Rituximab- For low tumor burden
Lenalidomide+rituximab- POD≤24 months after CIT
PI3K inhibitors- Double refractory disease
EZH2 inhibitor (tazemetostat)- EZH2 mutation-positive disease
Radioimmunotherapy- Not widely used
Auto/allo-HSCT- In selected patients
CAR-T cell therapy- After ≥2 lines of systemic therapy [63]

Abbreviations: CAR-T, chimeric antigen receptor T-cell; CIT, chemoimmunotherapy; CR, complete response; EZH2, enhancer of zeste homolog 2; HSCT, hematopoietic stem cell transplantation; ISRT, involved site RT; ORR, overall response rate; OS, overall survival; PFS, progression-free survival; PI3K, phosphatidylinositol 3-kinase; POD, progression of disease; RT, radiotherapy.



Advanced disease: Watch-and-wait is regarded standard practice for advanced stage FL with low tumor burden even in the rituximab era, as there is no survival benefit with early treatment [21-23]. Initiation of treatment should be guided by indications for treatment (Table 1).

CIT is the most commonly used first-line therapy for patients with advanced stage FL. In a randomized phase III trial (FOLL-05), the efficacy of RCVP (rituximab, cyclophosphamide, vincristine and prednisone) and RCHOP (rituximab, cyclophosphamide, doxorubicin, vincristine and prednisone) was compared with RFM (rituximab, fludarabine, and mitoxantrone) as a first-line treatment in patients with advanced stage FL. With a median follow-up of 34 months, the 3-year progression-free survival (PFS) was 52%, 68% and 63%, respectively (P=0.011). RCHOP had less grade 3 or 4 neutropenia and secondary malignancies than RFM. RCVP was inferior to other combinations, thus RCVP should be avoided in patients who have high-risk features [24].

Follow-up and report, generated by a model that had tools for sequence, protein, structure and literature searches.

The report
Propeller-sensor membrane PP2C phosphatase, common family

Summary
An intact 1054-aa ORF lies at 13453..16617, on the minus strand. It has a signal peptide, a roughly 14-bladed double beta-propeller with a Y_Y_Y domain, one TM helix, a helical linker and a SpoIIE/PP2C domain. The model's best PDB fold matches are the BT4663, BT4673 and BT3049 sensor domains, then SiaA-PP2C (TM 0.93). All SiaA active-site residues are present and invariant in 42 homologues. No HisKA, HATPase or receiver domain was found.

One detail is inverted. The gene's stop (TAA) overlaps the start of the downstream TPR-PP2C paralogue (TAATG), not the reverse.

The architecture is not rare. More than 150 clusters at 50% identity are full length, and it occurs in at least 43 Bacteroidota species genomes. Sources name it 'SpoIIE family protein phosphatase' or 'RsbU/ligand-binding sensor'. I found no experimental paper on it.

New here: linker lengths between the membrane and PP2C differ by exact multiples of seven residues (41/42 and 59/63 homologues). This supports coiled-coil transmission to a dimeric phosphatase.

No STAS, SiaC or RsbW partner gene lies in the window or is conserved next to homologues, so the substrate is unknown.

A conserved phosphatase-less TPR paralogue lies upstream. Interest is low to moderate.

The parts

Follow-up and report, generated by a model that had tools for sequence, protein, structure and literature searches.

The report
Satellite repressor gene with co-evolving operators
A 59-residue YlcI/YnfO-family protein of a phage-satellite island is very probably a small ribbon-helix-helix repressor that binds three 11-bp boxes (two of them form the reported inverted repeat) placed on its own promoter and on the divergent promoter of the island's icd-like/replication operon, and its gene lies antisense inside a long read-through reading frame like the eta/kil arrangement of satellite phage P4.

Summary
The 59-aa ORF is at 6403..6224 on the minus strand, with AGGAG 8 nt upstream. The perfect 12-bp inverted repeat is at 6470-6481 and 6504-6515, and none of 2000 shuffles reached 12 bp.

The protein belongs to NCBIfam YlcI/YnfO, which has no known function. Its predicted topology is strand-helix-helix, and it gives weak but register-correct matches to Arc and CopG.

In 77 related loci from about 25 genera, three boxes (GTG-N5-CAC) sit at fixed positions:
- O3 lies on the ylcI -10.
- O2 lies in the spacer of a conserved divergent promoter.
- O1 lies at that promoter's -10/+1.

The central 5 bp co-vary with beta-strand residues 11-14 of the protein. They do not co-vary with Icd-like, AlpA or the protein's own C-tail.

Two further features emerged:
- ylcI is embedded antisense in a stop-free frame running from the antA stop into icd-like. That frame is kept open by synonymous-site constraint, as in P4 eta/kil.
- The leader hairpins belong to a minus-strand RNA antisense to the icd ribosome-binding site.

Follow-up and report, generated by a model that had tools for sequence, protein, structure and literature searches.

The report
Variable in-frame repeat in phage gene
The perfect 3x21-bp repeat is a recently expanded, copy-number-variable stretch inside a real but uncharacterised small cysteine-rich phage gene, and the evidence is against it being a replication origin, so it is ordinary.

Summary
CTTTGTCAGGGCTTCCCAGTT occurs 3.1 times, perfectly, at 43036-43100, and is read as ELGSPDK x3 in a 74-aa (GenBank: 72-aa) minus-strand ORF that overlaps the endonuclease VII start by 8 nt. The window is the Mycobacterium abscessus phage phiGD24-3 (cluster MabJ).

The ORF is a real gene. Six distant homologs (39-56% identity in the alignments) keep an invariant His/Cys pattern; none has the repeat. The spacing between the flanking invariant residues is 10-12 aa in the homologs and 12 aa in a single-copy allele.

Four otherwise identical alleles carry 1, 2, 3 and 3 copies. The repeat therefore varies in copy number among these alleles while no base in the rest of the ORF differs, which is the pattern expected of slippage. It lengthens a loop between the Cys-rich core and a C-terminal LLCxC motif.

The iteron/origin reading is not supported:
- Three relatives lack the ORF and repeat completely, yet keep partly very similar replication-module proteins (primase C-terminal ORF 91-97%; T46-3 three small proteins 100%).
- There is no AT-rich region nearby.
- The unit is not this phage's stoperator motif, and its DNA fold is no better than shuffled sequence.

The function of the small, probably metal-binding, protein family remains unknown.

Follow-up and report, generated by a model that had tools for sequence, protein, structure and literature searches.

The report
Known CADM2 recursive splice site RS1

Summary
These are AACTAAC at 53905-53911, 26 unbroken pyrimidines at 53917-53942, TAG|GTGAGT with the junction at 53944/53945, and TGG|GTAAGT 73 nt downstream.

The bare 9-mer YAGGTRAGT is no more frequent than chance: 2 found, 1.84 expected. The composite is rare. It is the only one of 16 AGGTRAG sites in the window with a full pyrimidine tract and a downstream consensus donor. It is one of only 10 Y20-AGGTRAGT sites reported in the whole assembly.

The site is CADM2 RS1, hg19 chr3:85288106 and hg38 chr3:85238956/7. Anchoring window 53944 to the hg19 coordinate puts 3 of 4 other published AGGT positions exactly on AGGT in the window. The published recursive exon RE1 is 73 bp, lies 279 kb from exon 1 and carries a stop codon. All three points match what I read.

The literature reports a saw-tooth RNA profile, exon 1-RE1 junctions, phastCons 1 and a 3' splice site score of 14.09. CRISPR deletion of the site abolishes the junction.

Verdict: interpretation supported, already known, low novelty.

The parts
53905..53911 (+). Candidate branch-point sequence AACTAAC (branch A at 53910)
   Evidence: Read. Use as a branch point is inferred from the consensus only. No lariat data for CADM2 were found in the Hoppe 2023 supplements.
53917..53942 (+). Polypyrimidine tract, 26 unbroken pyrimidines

In a phase III trial (Stil NHL1) that compared BR (bendamustine and rituximab) and RCHOP as first-line treatment for patients with indolent lymphoma and mantle cell lymphoma (MCL), the overall response rate (ORR) was not different between BR and RCHOP (BR 93% vs. RCHOP 91%). However, with a median follow-up of 45 months, BR showed superior PFS than RCHOP (69 mo vs. 31 mo, P<0.001) without OS difference [25]. In a following phase III trial (BRIGHT), BR was confirmed to be at least not inferior in terms of complete response (CR) and PFS [26].

Obinutuzumab is a new type II anti-CD20 monoclonal antibody with enhanced antibody-dependent cellular cytotoxicity. In a phase III study (GALLIUM), obinutuzumab was compared with rituximab as first-line treatment in combination with chemotherapy (bendamustine, CVP or CHOP) in previously untreated, advanced stage FL patients [27]. Although, 3-year PFS was superior in obinutuzumab arm (80% vs. 73%, HR 0.66), serious infection, mortality and secondary malignancies were higher in Obinutuzumab arm. Thus, the benefits of obinutuzumab over rituximab as first-line therapy are not clear.

Based on promising results of a lenalidomide and rituximab combination in phase II studies [28, 29], a phase III trial (RELEVANCE) of lenalidomide and rituximab combination was conducted. Lenalidomide and rituximab combination showed similar 3-year PFS (77%) compared to rituximab-based CIT (78%) with lower grade 3 or 4 neutropenia and febrile neutropenia [30].